5. By section 22 of the Inclosure Act 1852, where money was paid to the committee, and the committee was of the opinion that the provisions of the 1845 Act for apportionment could not be satisfactorily carried into effect, the committee could make application to the Inclosure Commissioners to call a meeting of the persons interested in the compensation money for the appointment of trustees of the money and its investment, and for the application of the income for such purposes as the Commissioners might approve. If the Commissioners deemed instructions given at the meeting to be unjust or unreasonable they had the power, by an order under their seal, to give such instructions for the investment of the compensation money and the application of income as they should think fit, including provision for the appointment of trustees.

  6. Under the Inclosure Act 1854, sections 15-17, where a majority of the committee was of the opinion that the provisions of the 1845 Act for apportionment could not be satisfactorily carried into effect, the majority could apply to the Commissioners to call a meeting of the persons interested in the compensation money to determine whether the compensation money should be apportioned. If the meeting so resolved, the Commissioners were to ascertain the names of the parties who were entitled to estates, rights, and interests in the common and commonable lands, and the amount or value of their respective rights.

  7. In 1858 There is some uncertainty over the date, but it is not material. a little over £1069 was paid, for the extinction of commonable rights over part of Bury Mead, to a committee appointed under the 1845 Act. It is not material to this decision who paid the compensation, but it seems from the 1877 and 1886 Orders referred to below that it was received from the Hitchin Local Board of Health, and not also from various railway companies.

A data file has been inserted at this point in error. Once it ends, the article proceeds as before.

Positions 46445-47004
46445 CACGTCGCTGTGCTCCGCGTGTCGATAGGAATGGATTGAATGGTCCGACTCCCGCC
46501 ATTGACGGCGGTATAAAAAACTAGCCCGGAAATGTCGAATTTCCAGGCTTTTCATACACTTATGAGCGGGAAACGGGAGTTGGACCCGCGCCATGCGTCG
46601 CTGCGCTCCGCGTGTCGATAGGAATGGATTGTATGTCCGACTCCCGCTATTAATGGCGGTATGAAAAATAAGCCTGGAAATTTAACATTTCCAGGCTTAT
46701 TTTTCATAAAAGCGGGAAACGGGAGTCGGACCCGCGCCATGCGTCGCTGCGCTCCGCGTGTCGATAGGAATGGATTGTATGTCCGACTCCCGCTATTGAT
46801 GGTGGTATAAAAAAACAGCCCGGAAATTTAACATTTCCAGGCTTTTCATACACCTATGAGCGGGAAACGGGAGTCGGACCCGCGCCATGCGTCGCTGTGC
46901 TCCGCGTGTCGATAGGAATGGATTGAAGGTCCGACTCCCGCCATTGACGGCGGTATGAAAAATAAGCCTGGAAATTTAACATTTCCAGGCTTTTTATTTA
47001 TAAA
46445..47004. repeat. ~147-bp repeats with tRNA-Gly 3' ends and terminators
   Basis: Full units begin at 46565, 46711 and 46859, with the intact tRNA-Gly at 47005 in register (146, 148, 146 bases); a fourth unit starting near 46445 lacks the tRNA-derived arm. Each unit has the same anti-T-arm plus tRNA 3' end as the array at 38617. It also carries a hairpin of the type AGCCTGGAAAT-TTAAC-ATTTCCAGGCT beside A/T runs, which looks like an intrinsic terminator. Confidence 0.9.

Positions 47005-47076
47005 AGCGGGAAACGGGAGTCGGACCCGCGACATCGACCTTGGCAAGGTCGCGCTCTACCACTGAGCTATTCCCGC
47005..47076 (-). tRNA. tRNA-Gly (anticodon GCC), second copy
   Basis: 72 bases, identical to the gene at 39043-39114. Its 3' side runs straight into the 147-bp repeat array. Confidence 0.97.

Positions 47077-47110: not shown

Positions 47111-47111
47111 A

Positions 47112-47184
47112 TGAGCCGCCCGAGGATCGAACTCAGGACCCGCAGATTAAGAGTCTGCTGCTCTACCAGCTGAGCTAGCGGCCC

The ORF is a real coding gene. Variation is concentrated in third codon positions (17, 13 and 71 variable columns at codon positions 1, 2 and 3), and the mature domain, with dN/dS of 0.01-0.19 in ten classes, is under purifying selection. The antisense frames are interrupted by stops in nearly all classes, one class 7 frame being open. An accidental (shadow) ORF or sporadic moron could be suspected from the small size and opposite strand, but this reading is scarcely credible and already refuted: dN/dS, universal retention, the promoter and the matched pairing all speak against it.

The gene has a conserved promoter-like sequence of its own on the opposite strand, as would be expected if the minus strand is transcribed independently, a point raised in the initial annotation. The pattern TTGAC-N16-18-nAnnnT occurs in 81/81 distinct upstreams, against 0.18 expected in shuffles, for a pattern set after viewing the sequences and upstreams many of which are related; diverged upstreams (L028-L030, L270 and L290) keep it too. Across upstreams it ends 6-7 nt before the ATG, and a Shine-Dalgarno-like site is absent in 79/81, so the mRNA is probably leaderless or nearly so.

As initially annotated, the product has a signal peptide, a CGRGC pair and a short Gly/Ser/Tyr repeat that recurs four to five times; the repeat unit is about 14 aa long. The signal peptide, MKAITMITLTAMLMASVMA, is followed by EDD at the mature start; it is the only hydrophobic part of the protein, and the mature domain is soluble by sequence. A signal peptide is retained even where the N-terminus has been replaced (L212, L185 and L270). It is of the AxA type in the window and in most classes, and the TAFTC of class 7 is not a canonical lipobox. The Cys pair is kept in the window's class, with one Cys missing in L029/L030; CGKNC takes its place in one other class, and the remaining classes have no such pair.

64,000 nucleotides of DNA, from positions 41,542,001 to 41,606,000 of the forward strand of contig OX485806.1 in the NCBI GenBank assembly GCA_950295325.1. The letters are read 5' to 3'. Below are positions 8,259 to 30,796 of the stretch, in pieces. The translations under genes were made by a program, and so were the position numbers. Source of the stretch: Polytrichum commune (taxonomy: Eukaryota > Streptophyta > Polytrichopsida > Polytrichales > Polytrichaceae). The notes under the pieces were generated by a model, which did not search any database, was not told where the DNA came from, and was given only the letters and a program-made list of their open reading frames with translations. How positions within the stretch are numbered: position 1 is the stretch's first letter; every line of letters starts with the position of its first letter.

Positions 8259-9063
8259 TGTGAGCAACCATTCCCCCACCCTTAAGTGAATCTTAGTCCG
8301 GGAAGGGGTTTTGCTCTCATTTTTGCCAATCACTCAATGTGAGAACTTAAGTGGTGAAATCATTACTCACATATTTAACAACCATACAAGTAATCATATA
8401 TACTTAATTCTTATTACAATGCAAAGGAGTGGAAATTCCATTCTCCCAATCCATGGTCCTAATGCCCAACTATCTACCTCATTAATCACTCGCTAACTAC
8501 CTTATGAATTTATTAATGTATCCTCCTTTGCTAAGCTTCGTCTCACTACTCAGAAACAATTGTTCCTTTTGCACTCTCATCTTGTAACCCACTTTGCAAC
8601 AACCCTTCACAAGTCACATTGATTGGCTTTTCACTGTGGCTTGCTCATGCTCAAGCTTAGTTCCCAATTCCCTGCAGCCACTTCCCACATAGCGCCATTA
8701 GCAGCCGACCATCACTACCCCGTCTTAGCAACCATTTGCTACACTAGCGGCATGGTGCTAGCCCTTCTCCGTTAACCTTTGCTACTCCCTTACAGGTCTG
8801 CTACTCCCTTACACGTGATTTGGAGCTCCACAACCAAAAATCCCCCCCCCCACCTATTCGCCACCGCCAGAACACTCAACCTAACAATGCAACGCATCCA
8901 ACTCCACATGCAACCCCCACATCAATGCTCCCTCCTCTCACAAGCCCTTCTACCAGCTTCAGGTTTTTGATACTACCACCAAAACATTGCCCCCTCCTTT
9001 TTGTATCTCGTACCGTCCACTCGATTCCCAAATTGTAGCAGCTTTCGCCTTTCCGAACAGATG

8. Following an application made by the committee to the Inclosure Commissioners under the Inclosure Acts 1845 to 1876, a meeting of the persons interested in the compensation money was held at Hitchin Town Hall on January 10, 1877 at which certain instructions were resolved upon under the 1852 Act. But under the power given to them under that Act, the Commissioners deemed the instructions unreasonable, and made the following Order on October 11, 1877:

    ``That the said sum of £1069.1.3 (after deduction of the expenses incurred by the said Inclosure Commissioners in respect of or in any way incident to the said application of the Committee and to this Order) be paid over by the said Committee to the following persons as trustees thereof, namely, Samuel Lucas of Hitchin aforesaid Brewer, Alfred Ransom of Hitchin aforesaid Farmer, George Alfred Passingham of Hitchin aforesaid Wine Merchant, William Carling the younger of Hitchin aforesaid Newspaper Editor, and William Dixon Lowden of Hitchin aforesaid Gentleman, to be by them invested in the names of any three of their number in Three Pound per cent Consolidated Bank Annuities.


    That the trustees for the time being shall apply the interest and annual produce arising from the said investment in hiring land to be used for grazing purposes by the persons interested in the money so invested (subject to such regulations as the trustees may from time to time make for the convenient use for such purposes of the land so hired) or for the improvement of the existing Cow Commons in the parish of Hitchin aforesaid.''

  9. At some time between 1877 and 1880 the remainder of Bury Mead and Cock Mead was acquired by the Great Eastern, the Eastern Counties and Midland Railway Companies and (perhaps) the Hitchin Local Board of Health. The compensation received for the extinction of commonable rights, together with the 1858 compensation, aggregated about £2,011.

  10. The trustees of the 1858 compensation money and the committee which held the 1880 compensation money (who were substantially the same persons) decided to combine the funds to purchase a new tract of grazing land.

  11. In 1880 the trustees applied proceeds of the investments held by them representing the 1858 compensation, and funds held by the committee in respect of the later compensation ``in the purchase of a tract of...